Алексей Каптерев (kapterev) wrote,
Алексей Каптерев

Contact improvisation and small-scale project management

Traditional planning boils down to setting goals, creating a plan meant to achieve the goals and then following the plan. There are two main problems with tradidional planning: new information and no new information.

New information means volatility: life often does not go like we plan so our plans become inefficient. No new information means boredom. If everything goes like we plan, if no surprises happen — we became disinterested. So the need for more agile, spontaneous methods of project management emerge.

The key problem of spontaneous project management is in keeping commitments. It is very hard to rely on the people who "just go with the flow" and therefore might not show up at some improtant meeting just because they "didn't feel like being there". At the same time, being present at the meeting you hate is no big help either.

Contact Improvisation has its way of dealing with this problem. A person dancing CI is committed to a dance rather than to a partner. If the dance is not happening for you — you are free to quit. However, smashing partner to the ground is still unacceptable. So it will be avoided for the sake of the dance — rather than just for the sake of the partner. That creates a relatively free yet structured process, quite frequently resulting in enjoyable experience for the both partners and sometimes — for the audience.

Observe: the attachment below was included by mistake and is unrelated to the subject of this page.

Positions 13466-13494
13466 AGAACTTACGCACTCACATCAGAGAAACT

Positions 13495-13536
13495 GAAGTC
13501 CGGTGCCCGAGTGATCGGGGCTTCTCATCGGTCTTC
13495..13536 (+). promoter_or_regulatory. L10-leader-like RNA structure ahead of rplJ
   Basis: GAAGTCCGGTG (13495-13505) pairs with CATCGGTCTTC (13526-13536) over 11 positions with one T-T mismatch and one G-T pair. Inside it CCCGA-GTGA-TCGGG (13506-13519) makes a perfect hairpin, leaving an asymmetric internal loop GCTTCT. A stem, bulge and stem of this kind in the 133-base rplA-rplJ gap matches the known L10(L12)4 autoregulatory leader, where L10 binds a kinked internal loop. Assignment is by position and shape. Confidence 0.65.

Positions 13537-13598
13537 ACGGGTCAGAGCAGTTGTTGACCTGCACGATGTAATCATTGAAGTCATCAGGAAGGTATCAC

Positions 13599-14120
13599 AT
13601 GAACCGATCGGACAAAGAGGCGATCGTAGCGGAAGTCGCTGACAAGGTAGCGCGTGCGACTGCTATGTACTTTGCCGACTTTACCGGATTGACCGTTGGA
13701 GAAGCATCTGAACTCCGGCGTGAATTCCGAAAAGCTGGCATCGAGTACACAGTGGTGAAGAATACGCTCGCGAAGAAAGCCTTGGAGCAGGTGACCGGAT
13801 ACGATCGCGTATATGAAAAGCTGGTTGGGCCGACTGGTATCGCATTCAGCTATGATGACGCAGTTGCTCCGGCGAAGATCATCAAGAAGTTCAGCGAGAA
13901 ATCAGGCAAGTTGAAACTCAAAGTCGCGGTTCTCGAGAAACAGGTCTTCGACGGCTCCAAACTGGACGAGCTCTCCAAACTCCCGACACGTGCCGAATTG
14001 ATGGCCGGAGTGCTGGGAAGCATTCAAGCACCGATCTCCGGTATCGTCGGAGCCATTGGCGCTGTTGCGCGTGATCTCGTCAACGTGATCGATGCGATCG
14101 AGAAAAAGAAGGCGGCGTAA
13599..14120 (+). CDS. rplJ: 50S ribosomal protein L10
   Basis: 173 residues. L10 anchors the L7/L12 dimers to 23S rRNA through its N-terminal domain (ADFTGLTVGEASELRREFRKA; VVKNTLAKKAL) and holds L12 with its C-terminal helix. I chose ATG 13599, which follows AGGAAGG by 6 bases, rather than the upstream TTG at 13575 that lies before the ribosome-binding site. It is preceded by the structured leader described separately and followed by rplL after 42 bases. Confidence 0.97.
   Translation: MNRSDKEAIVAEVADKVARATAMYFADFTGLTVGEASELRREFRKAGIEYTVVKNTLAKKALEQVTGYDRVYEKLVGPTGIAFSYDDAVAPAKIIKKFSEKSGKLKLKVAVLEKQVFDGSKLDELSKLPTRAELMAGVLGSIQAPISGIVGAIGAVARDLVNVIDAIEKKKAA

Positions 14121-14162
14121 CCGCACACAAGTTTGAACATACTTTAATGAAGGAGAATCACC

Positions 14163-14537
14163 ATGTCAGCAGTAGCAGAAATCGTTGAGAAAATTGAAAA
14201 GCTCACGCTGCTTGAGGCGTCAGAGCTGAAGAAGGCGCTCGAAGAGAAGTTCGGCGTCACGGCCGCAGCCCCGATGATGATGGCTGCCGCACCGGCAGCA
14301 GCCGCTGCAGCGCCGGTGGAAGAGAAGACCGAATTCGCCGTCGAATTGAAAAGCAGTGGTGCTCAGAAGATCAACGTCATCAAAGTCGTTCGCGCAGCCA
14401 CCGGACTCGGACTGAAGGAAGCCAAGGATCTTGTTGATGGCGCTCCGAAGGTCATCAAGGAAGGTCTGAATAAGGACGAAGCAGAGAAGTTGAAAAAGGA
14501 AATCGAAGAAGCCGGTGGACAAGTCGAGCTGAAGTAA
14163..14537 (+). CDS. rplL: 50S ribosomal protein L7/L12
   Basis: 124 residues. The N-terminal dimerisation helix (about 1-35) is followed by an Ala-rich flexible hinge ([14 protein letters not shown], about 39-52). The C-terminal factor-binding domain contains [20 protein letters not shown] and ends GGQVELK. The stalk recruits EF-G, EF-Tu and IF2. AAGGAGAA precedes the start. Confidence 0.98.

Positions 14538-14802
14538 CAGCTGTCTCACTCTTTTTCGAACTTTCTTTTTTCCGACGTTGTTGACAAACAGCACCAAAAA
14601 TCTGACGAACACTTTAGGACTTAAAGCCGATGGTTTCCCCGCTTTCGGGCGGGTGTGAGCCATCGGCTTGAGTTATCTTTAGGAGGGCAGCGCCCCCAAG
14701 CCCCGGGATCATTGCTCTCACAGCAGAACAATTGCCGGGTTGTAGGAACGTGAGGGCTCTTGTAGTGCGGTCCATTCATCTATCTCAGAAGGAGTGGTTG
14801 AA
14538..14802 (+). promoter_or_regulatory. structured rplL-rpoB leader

Additionally, while working with the audience, dancers create "scores" — sets of commitments, that make interaction even more structured. These scores are communicated between the participants in advance. They are usually quite simple.

As Dee Hock, a former chairman of Visa once noticed, simple and clear rules sometimes result in complex, intelligent and beautiful behavior. Complex rules mostly result in either chaotic or fairly dumb behavior. Rules work well if one can recall them.

Another important part seems to be error-handling: what happens if the commitment is not being fulfilled. Dancers spend time learning how to fall gracefully and safely so even being smashed to the ground does not result in dare consequences that could have happened otherwise.

It seems to be a good idea to keep track of commitments — as well as of constraints. Unlike commitments, constraints are things that we percieve as being beyond our control.

In CI the constraints are mostly physical: forces of gravity and momentum, physical limits of the body. A great deal was said about surrendering to those constraints but at the same time people challenge the constraints constantly by trying to cheat or temporaily deny gravity.

To conclude:

1. Make a list of constrains and commitments for your project (how? still unclear)
2. Create error handling procedures.
3. Communicate these to the parties involved.
4. Regularly review and update the list when new information comes to light.
5. Reserve time and safe space for challenging both constraints and commitments.
Tags: english, personal development, somatics
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